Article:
Elderly

The number of elderly in the population has importance for private and public pension programs, for health care, and for a host of services related to aging and retirement. As the population ages, the maintenance of the real level of public services to the elderly can impose an ever-increasing tax burden on future generations. The nation will face two unattractive alternatives: either the elderly will receive less public services and suffer a decline in their standard of living, or future generations must draw down their resources to maintain that standard of living.

Unlike that in the population at younger ages, future change in the population aged 65 years and older is known with a fair degree of certainty because persons reaching this age in the projection period have either already been born in the United States or will be survivors among future immigrants. This population will grow rapidly in the coming years, both in numbers and as a proportion of the total population. It stood at 33.6 million in 1995, and could double—from 73.0 to 80.6 million, depending on the net immigration assumptions. Under the medium assumption, the elderly population will rise to 39.1 million in 2010, then will increase steadily as the baby-boom cohort begins to reach age 65 in large numbers. It will grow to 53.0 million in 2020 and, by 2050, to 76.8 million.37 Although the impact of immigration on the size of the elderly population is not trivial, it certainly plays only a supporting role. No immigration policy, no matter how restrictive, can reverse the underlying trend. The big news, therefore, over the next half-century is the guaranteed substantial growth in the number of people past age 65—the size of that population is likely to double.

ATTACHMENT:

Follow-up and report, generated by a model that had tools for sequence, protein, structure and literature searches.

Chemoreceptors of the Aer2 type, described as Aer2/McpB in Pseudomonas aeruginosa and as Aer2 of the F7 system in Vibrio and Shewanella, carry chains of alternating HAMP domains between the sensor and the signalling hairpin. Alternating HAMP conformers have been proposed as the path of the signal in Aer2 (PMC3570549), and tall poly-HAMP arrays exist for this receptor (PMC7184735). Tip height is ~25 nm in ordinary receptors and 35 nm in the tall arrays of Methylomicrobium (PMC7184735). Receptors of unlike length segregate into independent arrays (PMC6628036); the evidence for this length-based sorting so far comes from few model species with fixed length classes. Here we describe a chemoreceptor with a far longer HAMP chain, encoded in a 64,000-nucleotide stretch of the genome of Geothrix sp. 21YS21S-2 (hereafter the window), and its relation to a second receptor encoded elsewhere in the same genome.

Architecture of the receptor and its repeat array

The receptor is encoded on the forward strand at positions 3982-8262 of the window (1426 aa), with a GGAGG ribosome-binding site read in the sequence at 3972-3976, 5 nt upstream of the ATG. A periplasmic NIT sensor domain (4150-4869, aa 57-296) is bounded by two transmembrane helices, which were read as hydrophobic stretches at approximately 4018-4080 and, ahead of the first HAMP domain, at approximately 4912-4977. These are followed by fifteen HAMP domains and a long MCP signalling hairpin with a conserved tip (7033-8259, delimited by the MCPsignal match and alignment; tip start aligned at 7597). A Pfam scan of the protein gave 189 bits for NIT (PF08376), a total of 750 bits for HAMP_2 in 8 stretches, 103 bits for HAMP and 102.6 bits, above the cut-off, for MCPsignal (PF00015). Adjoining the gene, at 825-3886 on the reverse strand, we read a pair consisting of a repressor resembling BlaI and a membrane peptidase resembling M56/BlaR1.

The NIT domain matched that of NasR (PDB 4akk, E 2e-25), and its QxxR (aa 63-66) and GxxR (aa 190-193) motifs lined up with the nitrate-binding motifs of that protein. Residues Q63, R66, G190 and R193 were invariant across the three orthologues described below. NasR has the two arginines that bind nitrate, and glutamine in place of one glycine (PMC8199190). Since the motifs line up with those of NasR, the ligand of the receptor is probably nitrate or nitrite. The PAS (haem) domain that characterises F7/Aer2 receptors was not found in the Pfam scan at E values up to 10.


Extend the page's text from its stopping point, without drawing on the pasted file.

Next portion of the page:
The ''oldest-old" (those over 85) represent an important age group because they have the highest rates of hospitalization and nursing home use, factors that are forces driving health care costs. Variations in immigration, however, do not account for substantial differences in the size of the population aged 85 years and older. Under the medium net immigration assumption, the oldest-old age group will increase from 3.6 million in 1995 to 17.7 million in 2050 (a fourfold increase). Assuming the low and high net immigration levels provides a range for this age group of 17.4 to 18.1 million.38 Although the oldest-old population will expand greatly during the next half-century, immigration will have little effect on its size. People who will be over age 85 in 2050 are at least 32 years old

37  

Under the zero net immigration assumption, the population aged 65 years and older will reach 69.1 million in 2050. Under the very high net immigration assumption, the elderly population will increase to 84.4 million in 2050.

38  

Under zero net immigration, the population aged 85 years and older will increase to 17.1 million in 2050. Under the very high net immigration assumption, the oldest-old will reach a level of 18.4 million in 2050.



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